Wuddup wuddup, its been a while since I posted, mainly because nothing too exciting has happened. We haven’t gone anywhere except for Beijing which is growing commonplace now. Don’t worry though, we should have a flurry of exciting updates coming in the next week or so. We will be going to Xi’an, a “new, old city” most famous for being the location of the Terra Cotta warriors. More importantly, my friend Matt Busa will meet us there on his trip to China! So we are excited and hope that he can make a guest post about his experience.

Yesterday , I watched the highest grossing movie in Chinese cinematic history, and it was about the Tangshan earthquake (English subtitles). I think it is hard to imagine the kind of devastation that the city endured, but basically everything in the city was destroyed and the majority of people living here died. The movie did a very poor job of depicting this, as it focused mostly on one families struggle AFTER the actual earthquake. We really haven’t encountered situations where the earthquake was brought up, but I think the spirit of resiliency and perseverance is very strong with people from Tangshan. The movie was not very interesting, but what I did think was interesting is how much the audience talked during the movie. Cell phones were ringing CONSTANTLY throughout the movie, people were talking like they would anywhere else…it was a little strange. As you walked into the theater, which was the old-style with a balcony, they handed you a bag of tissues in case you were crying.

I have been practicing my Chinese more recently and am noticing improvements particularly with my listening and pronunciation. About 1% of the people that I talk to tell me that they can’t understand me, where before it was probably about 40%. It is also very easy to seem like you understand what someone is saying if you just grunt, probably the most common response to any comment or question. It has taken a while, but we are starting to think more in Chinese rather than in English, which is a big step. An easy example that happens all the time is if someone asks you a question such as “Can you speak Chinese?”, the English speaker would respond “yes” or “no”. In Chinese you say “Can.” It is very hard to not respond with the words yes or no, but we are both getting much better at it. I had 2 census workers come to my apartment yesterday, and when I opened the door both of their jaws actually dropped. It is was pretty funny, and I don’t know if it was because I wasn’t wearing a shirt, I was a foreigner not wearing a shirt, or just in awe of my incredibly chiseled physique, but they were so dumbfounded that they couldn’t even utter a sound. I told them 2 people lived here, both Americans, and that we are teachers, and they both had huge smiles and said that was all they needed. It is going to be hard going back to America and not treated with the same level of awe, but it will also be nice to just fit in, so what can you do?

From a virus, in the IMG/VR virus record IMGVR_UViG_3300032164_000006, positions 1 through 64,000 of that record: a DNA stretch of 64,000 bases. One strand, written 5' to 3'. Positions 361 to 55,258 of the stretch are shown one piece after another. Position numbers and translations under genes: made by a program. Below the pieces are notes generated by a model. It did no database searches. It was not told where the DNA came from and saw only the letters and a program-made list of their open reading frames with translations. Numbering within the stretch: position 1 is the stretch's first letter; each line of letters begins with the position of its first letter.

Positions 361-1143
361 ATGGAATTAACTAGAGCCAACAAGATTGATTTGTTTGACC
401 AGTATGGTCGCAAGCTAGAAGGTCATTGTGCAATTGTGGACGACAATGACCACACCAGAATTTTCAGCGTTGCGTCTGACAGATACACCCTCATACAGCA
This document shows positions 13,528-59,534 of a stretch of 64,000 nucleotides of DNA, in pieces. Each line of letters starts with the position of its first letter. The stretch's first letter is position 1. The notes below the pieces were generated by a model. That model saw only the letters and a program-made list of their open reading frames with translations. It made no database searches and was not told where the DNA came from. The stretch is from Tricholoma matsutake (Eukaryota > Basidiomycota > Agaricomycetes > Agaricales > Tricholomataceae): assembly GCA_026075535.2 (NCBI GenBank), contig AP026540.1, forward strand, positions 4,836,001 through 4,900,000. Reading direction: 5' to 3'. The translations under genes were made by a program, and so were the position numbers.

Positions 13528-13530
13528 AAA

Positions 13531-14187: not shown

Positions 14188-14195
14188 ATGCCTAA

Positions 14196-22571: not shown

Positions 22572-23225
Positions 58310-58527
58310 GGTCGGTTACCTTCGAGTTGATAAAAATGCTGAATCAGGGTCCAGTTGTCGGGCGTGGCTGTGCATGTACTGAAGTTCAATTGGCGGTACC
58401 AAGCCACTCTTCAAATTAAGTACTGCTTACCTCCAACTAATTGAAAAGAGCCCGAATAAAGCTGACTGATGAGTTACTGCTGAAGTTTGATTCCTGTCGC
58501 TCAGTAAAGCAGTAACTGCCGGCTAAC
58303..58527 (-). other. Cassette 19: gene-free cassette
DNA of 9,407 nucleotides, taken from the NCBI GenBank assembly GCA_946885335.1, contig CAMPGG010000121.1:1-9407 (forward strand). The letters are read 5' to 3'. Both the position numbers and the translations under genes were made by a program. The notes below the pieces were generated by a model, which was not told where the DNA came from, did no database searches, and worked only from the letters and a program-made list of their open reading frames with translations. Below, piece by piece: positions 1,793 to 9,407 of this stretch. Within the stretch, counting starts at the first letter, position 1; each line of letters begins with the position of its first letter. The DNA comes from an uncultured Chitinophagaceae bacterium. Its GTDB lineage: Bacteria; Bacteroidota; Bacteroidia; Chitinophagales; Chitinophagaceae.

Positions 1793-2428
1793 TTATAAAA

Alrighty, as I said before, check back in a few days, we will have some updates with our travels and friend visiting (picture of him and his girlfriend below). We are almost at the 20,000 views mark too, so we will have to have a huge tonedeaftravelers post/pictures extravaganza when that happens. So get excited!!!!!!!!!!!!! WOOOOOOOOOOOOO!!!!!!!!!! Bye bye everyone.

The Master said, “From a gentleman consistency is expected, but not blind fidelity.” (Analects, 15.36)

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